December is a month of frenzied planning and parties. If you love to bake like I do, I’m sure you’ve been busy these days making sweet treats. I thought it would be fun this December to feature some of my very talented baking friends.
One of the blogs that I was lucky enough to come across when I first started over two years ago was: That Skinny Chick Can Bake!
I’m sure you may already know Lizzy. She is one of the most dedicated bloggers I know. Lizzy keeps her blog full of countless delicious desserts. Just yesterday she posted these lovely Rosettes.
I love yeasted breads…how about Lizzy’s superb Orange Rolls
? Wow! If you are looking for a great homemade gift idea, go see her Homemade Kahlua
. Lizzy is always there with her sweet comments and showing support to everyone. I’m excited to feature her here today.
If you are on Google +, we have exciting news to share! I formed a new baking community: Google + Baking Community. Lizzy and Anuradha from Baker Street are moderating the group with me. You know that it will be full of fabulous baking talk-come join the fun!
Lora was one of my first blogger friends. Her mom, Lizzie, of Food and Thrift
, immediately reached out to me when I joined Foodbuzz over two years ago. Just as warm as her mother, Lora became a friend and a blogger who I admired and emulated. A baker like me, she always dazzles me with her cakes, pastries and breads. When she approached me about doing a holiday guest post, I was delighted. I make caramels only at Christmas, so I wanted to share one of my favorite recipes with you all.
I’ve been in love with caramels since my first taste as a child. Whenever a gift of mixed chocolates made its way into our home, I’d elbow my little sisters out of the way, and zero in on the square shaped caramels. And it turns out, this fondness for caramels runs in the family. Last year, my uncle sent me an old, splattered candy cookbook that used to belong to my grandfather. Besides yellowed recipe clippings nestled between the pages, there were hand written notes about altitude adjustment next to the caramel and praline recipes…in both my grandfather and my Aunt Martha’s handwriting. Who knew that North Dakota and Michigan had to worry about such things? Written in 1952, there were outdated instructions like, “Remove from the fire and pour on an oiled slab between oiled bars.” Huh? It was my intention to use this recipe for caramels as a tribute to my mom’s side of the family, but terms like “slack back” had me a wee bit nervous…as the candy making process can be a bit finicky. So I decided against those in favor of one of my tried and true recipes. I’ve shared another caramel recipe on my blog, but this one has brown sugar as well as white sugar…giving an extra boost of caramel flavor.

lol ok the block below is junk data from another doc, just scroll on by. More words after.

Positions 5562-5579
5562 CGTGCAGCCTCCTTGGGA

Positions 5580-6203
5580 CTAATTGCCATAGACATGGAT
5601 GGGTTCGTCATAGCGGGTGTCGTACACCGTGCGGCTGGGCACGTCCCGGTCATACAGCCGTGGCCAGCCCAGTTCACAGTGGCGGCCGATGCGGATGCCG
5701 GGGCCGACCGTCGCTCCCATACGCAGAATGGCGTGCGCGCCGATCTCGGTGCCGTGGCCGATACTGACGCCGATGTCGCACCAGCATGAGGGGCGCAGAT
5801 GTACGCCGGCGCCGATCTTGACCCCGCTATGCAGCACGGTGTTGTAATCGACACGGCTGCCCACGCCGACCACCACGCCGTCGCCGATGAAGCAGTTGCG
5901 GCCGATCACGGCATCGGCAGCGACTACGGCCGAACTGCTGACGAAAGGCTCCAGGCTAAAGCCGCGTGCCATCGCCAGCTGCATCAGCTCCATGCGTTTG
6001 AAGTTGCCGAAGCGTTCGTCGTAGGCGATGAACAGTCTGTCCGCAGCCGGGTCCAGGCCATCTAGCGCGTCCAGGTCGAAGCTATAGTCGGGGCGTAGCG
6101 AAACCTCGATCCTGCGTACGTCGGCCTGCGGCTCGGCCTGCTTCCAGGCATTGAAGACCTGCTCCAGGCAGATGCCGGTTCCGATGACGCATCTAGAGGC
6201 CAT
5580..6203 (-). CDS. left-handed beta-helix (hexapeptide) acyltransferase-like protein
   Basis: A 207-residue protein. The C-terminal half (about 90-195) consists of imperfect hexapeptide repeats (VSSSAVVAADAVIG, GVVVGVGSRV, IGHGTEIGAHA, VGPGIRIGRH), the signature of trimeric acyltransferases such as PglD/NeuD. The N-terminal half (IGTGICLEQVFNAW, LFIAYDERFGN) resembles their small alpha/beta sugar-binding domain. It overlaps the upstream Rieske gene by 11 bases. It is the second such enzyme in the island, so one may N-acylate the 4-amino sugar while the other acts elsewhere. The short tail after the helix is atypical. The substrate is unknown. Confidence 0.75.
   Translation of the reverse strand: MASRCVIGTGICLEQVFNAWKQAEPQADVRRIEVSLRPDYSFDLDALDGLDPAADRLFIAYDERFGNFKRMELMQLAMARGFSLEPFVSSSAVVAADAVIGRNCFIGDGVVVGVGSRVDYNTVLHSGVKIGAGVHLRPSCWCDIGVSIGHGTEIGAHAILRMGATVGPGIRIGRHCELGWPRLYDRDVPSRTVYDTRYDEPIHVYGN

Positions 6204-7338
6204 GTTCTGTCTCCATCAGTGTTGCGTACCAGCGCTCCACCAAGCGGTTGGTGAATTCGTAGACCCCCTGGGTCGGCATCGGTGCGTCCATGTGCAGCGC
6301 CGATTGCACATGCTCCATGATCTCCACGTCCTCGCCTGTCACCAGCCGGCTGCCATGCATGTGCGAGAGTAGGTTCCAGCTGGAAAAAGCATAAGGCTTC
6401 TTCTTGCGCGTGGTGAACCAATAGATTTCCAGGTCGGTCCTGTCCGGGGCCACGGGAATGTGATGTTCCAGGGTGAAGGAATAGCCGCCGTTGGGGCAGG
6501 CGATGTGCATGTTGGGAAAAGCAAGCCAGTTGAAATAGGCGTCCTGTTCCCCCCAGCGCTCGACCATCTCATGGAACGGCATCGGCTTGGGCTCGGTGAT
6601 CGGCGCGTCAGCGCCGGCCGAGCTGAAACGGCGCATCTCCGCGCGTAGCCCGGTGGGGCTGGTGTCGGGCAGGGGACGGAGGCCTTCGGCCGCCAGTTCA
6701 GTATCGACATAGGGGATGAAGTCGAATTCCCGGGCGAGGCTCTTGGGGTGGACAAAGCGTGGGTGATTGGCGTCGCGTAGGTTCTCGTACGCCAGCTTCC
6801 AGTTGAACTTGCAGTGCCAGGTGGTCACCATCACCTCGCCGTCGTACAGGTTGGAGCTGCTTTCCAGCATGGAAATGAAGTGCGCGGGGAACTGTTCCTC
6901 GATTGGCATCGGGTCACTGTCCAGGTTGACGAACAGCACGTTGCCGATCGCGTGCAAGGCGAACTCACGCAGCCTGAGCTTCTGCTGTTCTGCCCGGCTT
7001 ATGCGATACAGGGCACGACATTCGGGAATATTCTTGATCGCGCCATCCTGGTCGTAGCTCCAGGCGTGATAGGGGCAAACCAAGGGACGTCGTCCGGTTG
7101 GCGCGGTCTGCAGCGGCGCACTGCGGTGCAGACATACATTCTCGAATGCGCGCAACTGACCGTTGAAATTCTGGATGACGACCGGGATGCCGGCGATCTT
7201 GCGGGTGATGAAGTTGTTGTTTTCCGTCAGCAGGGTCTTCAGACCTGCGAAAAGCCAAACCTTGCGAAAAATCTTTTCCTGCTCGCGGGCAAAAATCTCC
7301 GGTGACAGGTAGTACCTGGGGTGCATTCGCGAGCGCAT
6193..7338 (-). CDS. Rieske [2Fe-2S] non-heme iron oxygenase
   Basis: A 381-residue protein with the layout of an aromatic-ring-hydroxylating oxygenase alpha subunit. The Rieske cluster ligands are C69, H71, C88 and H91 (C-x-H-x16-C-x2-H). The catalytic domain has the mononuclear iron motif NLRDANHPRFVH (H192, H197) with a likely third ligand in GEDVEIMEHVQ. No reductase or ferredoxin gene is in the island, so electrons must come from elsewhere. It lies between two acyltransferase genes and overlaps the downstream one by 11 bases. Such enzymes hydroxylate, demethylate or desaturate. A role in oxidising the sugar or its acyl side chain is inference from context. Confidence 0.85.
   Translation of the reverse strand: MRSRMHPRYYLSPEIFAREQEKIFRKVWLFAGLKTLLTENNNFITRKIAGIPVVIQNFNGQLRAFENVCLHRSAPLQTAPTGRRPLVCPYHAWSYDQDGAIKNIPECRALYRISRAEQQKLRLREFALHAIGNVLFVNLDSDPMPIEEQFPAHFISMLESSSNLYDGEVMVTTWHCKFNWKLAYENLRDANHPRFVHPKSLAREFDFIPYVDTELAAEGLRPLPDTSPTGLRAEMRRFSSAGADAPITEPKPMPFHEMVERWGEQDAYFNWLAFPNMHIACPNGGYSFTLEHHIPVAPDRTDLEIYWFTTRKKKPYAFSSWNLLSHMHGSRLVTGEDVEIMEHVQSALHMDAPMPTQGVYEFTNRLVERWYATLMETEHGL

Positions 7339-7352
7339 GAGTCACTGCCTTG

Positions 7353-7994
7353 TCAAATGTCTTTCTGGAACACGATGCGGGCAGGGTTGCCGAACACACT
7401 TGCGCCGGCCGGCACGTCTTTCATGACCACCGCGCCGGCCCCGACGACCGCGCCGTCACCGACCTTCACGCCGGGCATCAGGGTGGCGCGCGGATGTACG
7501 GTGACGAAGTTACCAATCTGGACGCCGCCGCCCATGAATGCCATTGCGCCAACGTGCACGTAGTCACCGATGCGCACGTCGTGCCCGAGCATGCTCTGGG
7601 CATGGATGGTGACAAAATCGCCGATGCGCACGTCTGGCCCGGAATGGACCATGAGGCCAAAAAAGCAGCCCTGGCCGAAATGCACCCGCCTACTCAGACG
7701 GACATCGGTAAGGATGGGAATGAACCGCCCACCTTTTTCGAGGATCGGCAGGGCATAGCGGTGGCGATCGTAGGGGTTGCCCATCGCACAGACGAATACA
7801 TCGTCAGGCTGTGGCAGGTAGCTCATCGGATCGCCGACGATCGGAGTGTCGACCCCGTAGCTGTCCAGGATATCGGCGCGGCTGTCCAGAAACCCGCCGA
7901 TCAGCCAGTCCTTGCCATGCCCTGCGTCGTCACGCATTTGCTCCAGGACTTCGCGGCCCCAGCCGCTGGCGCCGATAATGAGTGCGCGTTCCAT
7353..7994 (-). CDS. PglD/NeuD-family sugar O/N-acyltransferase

Part of this batch will go to Nick, my youngest…a huge caramel fan. As a toddler, he used to accompany me on my weekly trips to the butcher shop…the owner would hand him a slice of ham to sample while she packaged my meat, and then Nick would pick a favorite candy from their glass jar full of confections on our way out the door. Inevitably, he would dig deep to find his favorite caramel candy. So, some of these caramels will go into the holiday goodie boxes for the neighbors, and the rest will be mailed to Nick along with some chocolate chip chip cookies…I think he’ll need a little cheering up as he studies for his first college finals this week.
Brown Sugar Caramels
2 cups sugar
1 cup brown sugar
1 cup light corn syrup
1 cup half and half
2 cups whipping cream
1 cup (2 sticks) butter
1 1/2 teaspoons vanilla
Line 8 x 8 inch pan with non-stick foil. Set aside.
In a large, heavy saucepan, combine sugars, corn syrup, half and half, cream and butter. Cook over medium low heat, stirring, till candy thermometer reaches 250º. This may take up to an hour. At 250º remove pan from heat and add vanilla.
Pour into prepared pan and let cool completely. Cut into small squares and wrap in waxed paper.
Makes approximately 60.
Tips for making caramels:
- Use a good, accurate candy thermometer…if your caramels don’t come to temperature, they will be too soft. If the mixture gets too hot, your caramels will be hard to chew.
- Using corn syrup prevents the sugar from recrystallizing and becoming grainy…you don’t want to leave it out.
- A rapid increase or decrease in temperature while cooking will cause the butter to separate from the caramel as it cools. Keep your flame/burner temperature steady. Be patient.
- I use a rubber spatula that can take the heat without melting to stir almost continuously. Some recipes don’t require this constant stirring, so follow the directions on your specific recipe.
Thanks, Lora, for inviting me to share a favorite holiday recipe with you and your followers. Wishing you all a very delicious and Merry Christmas!!! xo
Thank you for the story and these delicious Brown Sugar Caramels, Lizzy. Here’s how to see more of Lizzy and That Skinny Chick Can Bake!!! : Facebook, Google+, Twitter, Pinterest.
Happy Monday to all of you!